…5 things that do work
The Christmas holidays are a great time to reflect on the past and plan for the future. At this time of year, many people are focused on what they want to change in their lives. It’s a great opportunity because everybody and everything slows down.
According to a recent survey by YouGov in the UK, the most common New Year’s resolutions for Brits in 2019 were:
- More exercise / improving fitness – 47%
- Losing weight – 44%
- Improving diet – 41%
- Saving more money – 31%
- Taking up a new hobby – 18%
I did a quick google search to try and identify if there are any statistics around how long New Year’s Resolutions last and the results are pretty mixed:
- Strava is an exercise tracking app and in the UK, they started to see people quitting on the 12th January
- The US. News & World Report state that 80% of New Year’s resolutions fail by February
The actual date doesn’t matter – there is no doubt that we have all experienced situations where we start with the best of intentions and slowly but surely the new change that we crave starts to slip away from us. This leaves us disappointed, frustrated and self-critical.
New Years’ Resolutions don’t work – they never have and never will
They are fundamentally flawed, and I bet you don’t know of many people who has transformed their lives based on a New Year’s resolution.
So, what does work? …
Plan your goals in 90-day cycles
90 days is a long enough timeframe to build your habits and enables you to set a series of shorter-term goals that can be adjusted every 90 days. A commitment to one whole year can be daunting for some people and for others they will have the tendency to ‘kick the can down the road’ – for example, skipping a gym session or having a chocolate cake knowing that they have months remaining to catch back up.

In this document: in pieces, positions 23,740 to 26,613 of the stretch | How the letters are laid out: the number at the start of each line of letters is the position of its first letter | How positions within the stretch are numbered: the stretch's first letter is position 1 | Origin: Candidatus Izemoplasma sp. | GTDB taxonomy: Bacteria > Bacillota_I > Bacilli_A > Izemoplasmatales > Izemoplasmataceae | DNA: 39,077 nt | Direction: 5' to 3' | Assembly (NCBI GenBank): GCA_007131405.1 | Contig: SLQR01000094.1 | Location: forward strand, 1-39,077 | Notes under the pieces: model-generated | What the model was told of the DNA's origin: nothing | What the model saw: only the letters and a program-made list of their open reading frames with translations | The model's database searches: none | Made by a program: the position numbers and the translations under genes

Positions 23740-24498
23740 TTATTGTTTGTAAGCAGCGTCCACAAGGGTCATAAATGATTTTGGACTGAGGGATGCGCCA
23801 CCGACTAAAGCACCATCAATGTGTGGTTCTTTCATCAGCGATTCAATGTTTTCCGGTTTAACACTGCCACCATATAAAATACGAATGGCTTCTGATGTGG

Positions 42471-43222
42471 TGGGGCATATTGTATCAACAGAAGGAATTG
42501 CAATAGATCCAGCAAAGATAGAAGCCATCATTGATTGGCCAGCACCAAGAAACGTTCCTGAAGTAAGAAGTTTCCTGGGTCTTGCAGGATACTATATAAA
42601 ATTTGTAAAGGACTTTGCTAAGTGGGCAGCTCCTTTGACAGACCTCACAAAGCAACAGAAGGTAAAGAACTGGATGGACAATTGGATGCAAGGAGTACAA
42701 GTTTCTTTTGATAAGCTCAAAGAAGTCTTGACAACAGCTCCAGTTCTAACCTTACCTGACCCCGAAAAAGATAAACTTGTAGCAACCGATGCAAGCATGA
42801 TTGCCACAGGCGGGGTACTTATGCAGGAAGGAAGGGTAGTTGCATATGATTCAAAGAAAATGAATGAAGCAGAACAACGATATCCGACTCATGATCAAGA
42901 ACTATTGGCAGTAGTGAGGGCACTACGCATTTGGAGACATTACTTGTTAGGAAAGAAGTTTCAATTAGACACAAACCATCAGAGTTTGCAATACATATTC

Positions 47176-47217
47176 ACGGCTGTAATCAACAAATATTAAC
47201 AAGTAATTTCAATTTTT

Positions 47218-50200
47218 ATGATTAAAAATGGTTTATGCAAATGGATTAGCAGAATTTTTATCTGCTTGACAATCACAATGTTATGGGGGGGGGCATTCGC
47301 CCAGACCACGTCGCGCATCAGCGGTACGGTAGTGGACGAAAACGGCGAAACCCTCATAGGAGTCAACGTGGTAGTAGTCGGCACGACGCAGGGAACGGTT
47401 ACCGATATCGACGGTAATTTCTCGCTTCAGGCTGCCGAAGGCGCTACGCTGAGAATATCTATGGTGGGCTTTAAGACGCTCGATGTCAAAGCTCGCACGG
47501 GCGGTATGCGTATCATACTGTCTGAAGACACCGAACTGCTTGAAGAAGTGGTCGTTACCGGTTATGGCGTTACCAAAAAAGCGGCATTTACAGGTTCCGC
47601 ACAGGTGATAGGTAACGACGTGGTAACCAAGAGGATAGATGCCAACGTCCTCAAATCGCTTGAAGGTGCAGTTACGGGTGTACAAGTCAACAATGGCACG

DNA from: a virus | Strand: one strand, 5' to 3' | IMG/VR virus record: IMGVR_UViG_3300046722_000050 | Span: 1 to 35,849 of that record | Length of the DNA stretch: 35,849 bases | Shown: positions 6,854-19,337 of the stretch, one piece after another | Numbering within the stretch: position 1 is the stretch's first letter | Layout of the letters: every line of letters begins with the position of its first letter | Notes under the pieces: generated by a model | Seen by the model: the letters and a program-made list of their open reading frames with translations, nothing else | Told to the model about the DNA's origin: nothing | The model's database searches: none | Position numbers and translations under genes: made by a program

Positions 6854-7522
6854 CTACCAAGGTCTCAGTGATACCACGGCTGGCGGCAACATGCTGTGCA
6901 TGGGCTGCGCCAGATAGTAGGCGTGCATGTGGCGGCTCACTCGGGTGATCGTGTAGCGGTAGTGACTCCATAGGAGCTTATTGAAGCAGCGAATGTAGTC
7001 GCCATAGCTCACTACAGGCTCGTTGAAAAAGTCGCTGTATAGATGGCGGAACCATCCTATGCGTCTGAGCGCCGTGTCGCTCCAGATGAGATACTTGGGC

Get really specific and identify the habits that deliver the outcome
Say you want to lose weight … it’s a pretty common one. However, this isn’t specific enough, the questions to ask yourself are:
- How much do I want to lose in the next 90 days?
- e.g. 18 pounds (6lb a month)
- What are the habits that will help me lose the weight?
- e.g. Walk from train station to the office
- e.g. Follow a ketogenic diet / vegan / paleo (whatever interests you)
- e.g. Do HIIT exercise 3 times per week
- e.g. Intermittent fasting 5 days per week
- e.g. Stop drinking beer for 90 days
- What obstacles might I face and how do I overcome them?
- e.g. I have a party in 4 weeks’ time! – give yourself permission to have the night off
- e.g. I don’t have time to prepare food! – batch cook using a slow cooker
- e.g. I have young children and they want my attention while I am doing a HIIT workout! – include them in the workout & make it a family event.
Create a series of routines
Any new habit is difficult to create unless it’s anchored to an existing routine. The best example is a morning routine which everybody already has in place. You wake up, go to the bathroom, brush your teeth, have a shower and have a drink. What else can you tag onto your morning routine to create powerful new habits?
Also think of other routines you have in your day such as:
- Arriving at work
- Lunchtime break
- Arriving home
What habits can you build onto these anchors?
Find somebody who can keep you accountable and keep you on track on your 90-day cycle. Using an App where you can track your habits is ideal, so you can check off your habits and your accountability buddy can keep you on track. If you are skipping your habits, then have a conversation with your accountability buddy on what the obstacles are.
Our willpower is finite and using willpower to get things done (or not done) takes a tremendous amount of energy and when you don’t have the required energy you are most likely to buckle. It is possible to take your energy levels to new heights and therefore give you a strong reserve of will power.